The first centuries after Śākyamuni Buddha’s death saw the rise of multiple schools of thought and teacher lineages within the Buddhist community as it spread throughout the Indian subcontinent. These new forms of scholarly monastic communities had distinct theoretical and practical interests and, in their efforts to organize, interpret, and reexamine the Buddha’s scattered teachings, they developed a particular system of thought and method of exposition called Abhidharma (Pali, Abhidhamma). The Sanskrit term abhidharma seems to derive from the expression “concerning (abhi) the teaching(s) (Skt., dharma, Pali, dhamma).” For the Buddhist exegetical tradition, however, the term means approximately “higher” or “further” teaching, and it refers both to the doctrinal investigations of the new scholastic movement and to the body of texts yielded by its systematic exposition of Buddhist thought. This body of literature includes the third of the “three baskets” (Skt., tripiṭaka, Pali, tipiṭaka) of the Buddhist canon, namely, the Abhidharma-piṭaka (Pali, Abhidhamma-piṭaka), its commentaries, and later exegetical texts.
Both as an independent literary genre and a branch of thought and inquiry, Abhidharma is to be contrasted with Sūtrānta, the system of the Buddha’s discourses (Skt., sūtras, Pali, suttas). Unlike the earlier Buddhist discourses that are colloquial in nature, the Abhidharma method presents the Buddha’s teachings in technical terms that are carefully defined to ensure analytical exactitude. In content, Abhidharma is distinctive in its efforts to provide the theoretical counterpart to the Buddhist practice of meditation and, more broadly, a systematic account of sentient experience. It does so by analyzing conscious experience—and in this sense one’s “world”—into its constituent mental and physical events (Skt., dharmā, Pali, dhammā, hereafter dharmas/dhammas respectively). The overarching inquiry subsuming both the analysis of dharmas into multiple categories and their synthesis into a unified structure by means of their manifold relationships of causal conditioning is referred to as the “dharma theory.” The exhaustive investigations into the nature and interaction of dharmas extended into the fields of metaphysics, epistemology, and ontology, and generated doctrinal controversies among different Buddhist schools. The Abhidharma analysis of and methods of argumentation about these controversies provided the framework of reference and defined the agenda for the Mahāyāna schools of Madhyamaka and Yogācāra. As a distinct doctrinal movement, then, Abhidharma had a remarkable impact on subsequent Buddhist thought and gave rise to Buddhist systematic philosophy and hermeneutics.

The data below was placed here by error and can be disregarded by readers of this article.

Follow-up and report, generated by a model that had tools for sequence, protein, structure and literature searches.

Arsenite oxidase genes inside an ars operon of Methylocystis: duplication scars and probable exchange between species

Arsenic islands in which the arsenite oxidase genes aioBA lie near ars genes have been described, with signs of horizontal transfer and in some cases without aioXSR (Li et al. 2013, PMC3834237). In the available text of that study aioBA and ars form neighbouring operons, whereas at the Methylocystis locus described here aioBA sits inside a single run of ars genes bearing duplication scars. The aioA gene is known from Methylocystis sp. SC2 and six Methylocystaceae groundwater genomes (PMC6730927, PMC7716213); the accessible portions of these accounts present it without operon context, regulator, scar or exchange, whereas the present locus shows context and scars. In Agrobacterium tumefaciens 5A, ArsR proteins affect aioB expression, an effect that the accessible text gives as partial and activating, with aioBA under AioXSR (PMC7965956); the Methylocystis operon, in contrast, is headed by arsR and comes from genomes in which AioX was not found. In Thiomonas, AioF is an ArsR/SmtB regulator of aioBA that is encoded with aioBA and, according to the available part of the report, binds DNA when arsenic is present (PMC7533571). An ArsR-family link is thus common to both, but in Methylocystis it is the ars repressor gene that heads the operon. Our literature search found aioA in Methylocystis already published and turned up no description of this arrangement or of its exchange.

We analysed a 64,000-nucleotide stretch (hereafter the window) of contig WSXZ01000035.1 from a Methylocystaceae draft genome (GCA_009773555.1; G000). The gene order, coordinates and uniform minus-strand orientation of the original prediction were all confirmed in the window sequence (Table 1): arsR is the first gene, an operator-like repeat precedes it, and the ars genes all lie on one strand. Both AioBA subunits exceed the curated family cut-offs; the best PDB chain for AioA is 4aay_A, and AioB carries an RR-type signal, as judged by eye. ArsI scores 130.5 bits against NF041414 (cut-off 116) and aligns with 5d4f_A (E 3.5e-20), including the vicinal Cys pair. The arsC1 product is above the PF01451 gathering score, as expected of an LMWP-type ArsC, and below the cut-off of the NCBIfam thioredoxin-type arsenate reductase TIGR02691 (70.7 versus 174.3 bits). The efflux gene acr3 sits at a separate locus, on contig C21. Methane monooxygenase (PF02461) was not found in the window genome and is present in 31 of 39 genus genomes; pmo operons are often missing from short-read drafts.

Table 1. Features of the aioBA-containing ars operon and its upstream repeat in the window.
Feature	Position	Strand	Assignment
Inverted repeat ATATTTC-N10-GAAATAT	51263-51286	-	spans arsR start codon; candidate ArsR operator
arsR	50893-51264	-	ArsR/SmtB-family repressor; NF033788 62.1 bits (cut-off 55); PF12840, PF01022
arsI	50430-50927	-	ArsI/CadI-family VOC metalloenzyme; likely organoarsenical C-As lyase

- 1. Abhidharma: its origins and texts
- 2. The dharma taxonomy: a metaphysics of experience
- 3. Time: from impermanence to momentariness
- 4. Intrinsic nature: between categorization and ontology
- 5. Causation: existence as functioning
- 6. Epistemology: Perception and the theory of the consciousness process
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The early history of Buddhism in India is remarkably little known and the attempt to construct a consistent chronology of that history still engrosses the minds of contemporary scholars. A generally accepted tradition has it that some time around the beginning of the third century BCE, the primitive Buddhist community divided into two parties or fraternities: the Sthaviras (Pali, Theriyas) and the Mahāsāṅghikas, each of which thenceforth had its own ordination traditions. Throughout the subsequent two centuries or so, doctrinal disputes arose between these two parties, resulting in the formation of various schools of thought (vāda; ācariyavāda) and teacher lineages (ācariyakula) (Vin 51–54; Mhv V 12–13. See Cousins 1991, 27–28; Frauwallner 1956, 5ff & 130ff; Lamotte 1988, 271ff).
According to traditional Buddhist accounts, by the time the Mahāyāna doctrines arose, roughly in the first century BCE, there were eighteen sub-sects or schools of Sthaviras, the tradition ancestral to the Theravāda (“advocates of the doctrine of the elders”). The number eighteen, though, became conventional in Buddhist historiography for symbolic and mnemonic reasons (Obeyesekere 1991) and, in fact, different Buddhist sources preserve divergent lists of schools which sum up to more than eighteen. The likelihood is that the early formative period of the Buddhist community gave rise to multiple intellectual branches that developed spontaneously due to the geographical extension of the community over the entire Indian subcontinent and subject to the particular problems that confronted each monastic community (saṅgha). Each saṅgha tended to specialize in a specific branch of learning, had its own practical customs and relations with lay circles, and was influenced by the particular territories, economy, and use of language and dialect prevalent in its environment. Indeed, the names of the “eighteen schools” are indicative of their origins in characteristic doctrines, geographical locations, or the legacy of particular founders: for instance, Sarvāstivāda (“advocates of the doctrine that all things exist”), Sautrāntikas (“those who rely on the sūtras”)/Dārṣṭāntikas (“those who employ examples”), and Pudgalavāda (“those who affirm the existence of the person”); Haimavatas (“those of the snowy mountains”); or Vātsīputrīyas (“those affiliated with Vātsīputra”) respectively. As noted by Gethin (1998, 52), rather than sects or denominations as in Christianity, “at least some of the schools mentioned by later Buddhist tradition are likely to have been informal schools of thought in the manner of ‘Cartesians,’ ‘British Empiricists,’ or ‘Kantians’ for the history of modern philosophy.”